‘There are some people who say they’re able to ‘compartmentalize’ things, as though it is possible to put negative or distressing thoughts into neat mental drawers to be taken out only at a psychologically convenient time. It’s a beguiling idea, but I’ve never bought it. In my experience, sadness and regret seek into one’s consciousness willy-nilly, or they suddenly leap out at you with a snarl. The only real remedy is time…’

Over the past several months I have learned a lot about friendship. I have learned:

  1. Real friends stay by your side through the good times; better friends stay by your side through the bad times
  2. Mom was right in saying that if I can fill one hand with good, true friends then I am one lucky duck
  3. Sometimes friendship hurts
  4. To forgive is easy; forget impossible

Maybe that is why I was drawn to this novel.

The book cover masquerades as a novel on vintage fashion {which is definitely a part of the novel}, but at it’s core it is a book about friendship, growth, forgiveness and life. And it helped to heal parts of my own injured heart.

The main character, Phoebe, is plagued with grief over the loss of her best friend. She feels responsible. She feels unable to let go. She feels totally unable to move on … {and believe me I can relate.} I felt for her. I read along and wanted to pull her into a embrace and tell her it would all be okay – even when I wasn’t sure it would be for poor Phoebe. Phoebe not only needs to deal with her grief – but a broken engagement, a new career path, and her parent’s divorce. Sure this book sounds depressing – but lovelies it isn’t. This book is hopeful.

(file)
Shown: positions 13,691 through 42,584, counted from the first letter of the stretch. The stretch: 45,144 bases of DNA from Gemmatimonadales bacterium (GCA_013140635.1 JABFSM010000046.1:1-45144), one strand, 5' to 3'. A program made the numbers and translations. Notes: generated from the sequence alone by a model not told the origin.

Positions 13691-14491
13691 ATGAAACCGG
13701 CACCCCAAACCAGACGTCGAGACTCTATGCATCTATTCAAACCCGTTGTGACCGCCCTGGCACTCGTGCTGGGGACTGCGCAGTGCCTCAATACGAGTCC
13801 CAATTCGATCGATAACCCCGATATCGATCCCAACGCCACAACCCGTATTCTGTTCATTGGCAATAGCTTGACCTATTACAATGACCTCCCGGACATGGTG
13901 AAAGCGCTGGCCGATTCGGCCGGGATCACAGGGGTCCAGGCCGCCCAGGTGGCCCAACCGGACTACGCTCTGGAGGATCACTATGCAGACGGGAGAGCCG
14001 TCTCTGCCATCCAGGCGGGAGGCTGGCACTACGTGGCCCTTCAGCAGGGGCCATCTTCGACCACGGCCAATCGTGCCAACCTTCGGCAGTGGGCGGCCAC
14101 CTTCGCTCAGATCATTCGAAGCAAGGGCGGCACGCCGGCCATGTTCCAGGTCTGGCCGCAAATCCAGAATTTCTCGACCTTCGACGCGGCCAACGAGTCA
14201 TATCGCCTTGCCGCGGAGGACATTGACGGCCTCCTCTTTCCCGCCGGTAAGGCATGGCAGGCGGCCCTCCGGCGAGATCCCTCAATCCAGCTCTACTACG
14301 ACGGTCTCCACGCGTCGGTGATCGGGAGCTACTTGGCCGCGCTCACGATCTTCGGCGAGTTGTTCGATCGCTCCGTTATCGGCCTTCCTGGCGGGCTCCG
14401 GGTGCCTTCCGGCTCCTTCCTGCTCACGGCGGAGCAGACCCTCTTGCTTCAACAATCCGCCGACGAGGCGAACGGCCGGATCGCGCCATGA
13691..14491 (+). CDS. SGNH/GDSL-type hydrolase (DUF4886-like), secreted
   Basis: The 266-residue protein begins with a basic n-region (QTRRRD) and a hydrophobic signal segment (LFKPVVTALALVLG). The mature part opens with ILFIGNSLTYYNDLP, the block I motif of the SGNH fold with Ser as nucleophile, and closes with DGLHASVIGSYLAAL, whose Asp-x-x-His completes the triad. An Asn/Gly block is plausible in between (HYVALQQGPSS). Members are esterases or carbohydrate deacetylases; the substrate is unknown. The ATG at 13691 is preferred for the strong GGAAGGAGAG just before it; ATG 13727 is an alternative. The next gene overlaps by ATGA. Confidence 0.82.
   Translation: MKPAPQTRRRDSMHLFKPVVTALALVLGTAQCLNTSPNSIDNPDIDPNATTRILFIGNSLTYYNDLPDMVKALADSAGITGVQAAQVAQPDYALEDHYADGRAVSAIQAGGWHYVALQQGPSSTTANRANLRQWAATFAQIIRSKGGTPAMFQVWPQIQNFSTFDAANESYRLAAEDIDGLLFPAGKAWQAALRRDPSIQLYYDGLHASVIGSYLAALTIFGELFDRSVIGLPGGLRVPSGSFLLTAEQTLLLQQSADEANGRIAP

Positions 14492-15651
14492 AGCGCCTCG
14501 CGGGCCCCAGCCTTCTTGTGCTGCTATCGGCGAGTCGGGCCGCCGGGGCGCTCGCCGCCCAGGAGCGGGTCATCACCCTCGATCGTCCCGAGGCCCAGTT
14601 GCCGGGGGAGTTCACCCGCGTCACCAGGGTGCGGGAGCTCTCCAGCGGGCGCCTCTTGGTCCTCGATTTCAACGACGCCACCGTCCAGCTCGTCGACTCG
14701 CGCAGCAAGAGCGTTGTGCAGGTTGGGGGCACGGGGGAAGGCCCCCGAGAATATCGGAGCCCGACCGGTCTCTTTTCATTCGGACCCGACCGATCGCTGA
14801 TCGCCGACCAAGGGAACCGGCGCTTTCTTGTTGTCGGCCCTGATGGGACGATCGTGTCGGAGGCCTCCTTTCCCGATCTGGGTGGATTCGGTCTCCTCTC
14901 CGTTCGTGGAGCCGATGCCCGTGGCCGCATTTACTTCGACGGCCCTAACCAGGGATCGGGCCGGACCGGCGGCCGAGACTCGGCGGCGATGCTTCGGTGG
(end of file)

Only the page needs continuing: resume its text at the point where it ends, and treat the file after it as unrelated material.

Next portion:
As Isabel navigates her readers through Phoebe’s story, and introduces us to vivid and delicate characters … you realize, in the end, it will all actually be okay.

‘The Life and Adventures of Miss Fanny Hill’ by John Cleland

Fanny Hill was a free book I came across on my e-reader. It was written in England in 1748. I figured, English 1748, might be a nice historical read. Or then again … DEFINITELY not!

I mean, wowzers, color me surprised. Honestly, I did not know novels of this sort were allowed to be published in those buttoned-up days {perhaps they were not so buttoned-up??}.  All I know is I sat on my train, blushing. Whatever I may have been expecting, I was definitely not expecting so vivid a story. Fanny, in short, was a prostitute – though not by choice. She, through a letter format, shares her life story in exquisite, specific, honest – yet somehow bordering on innocent – detail.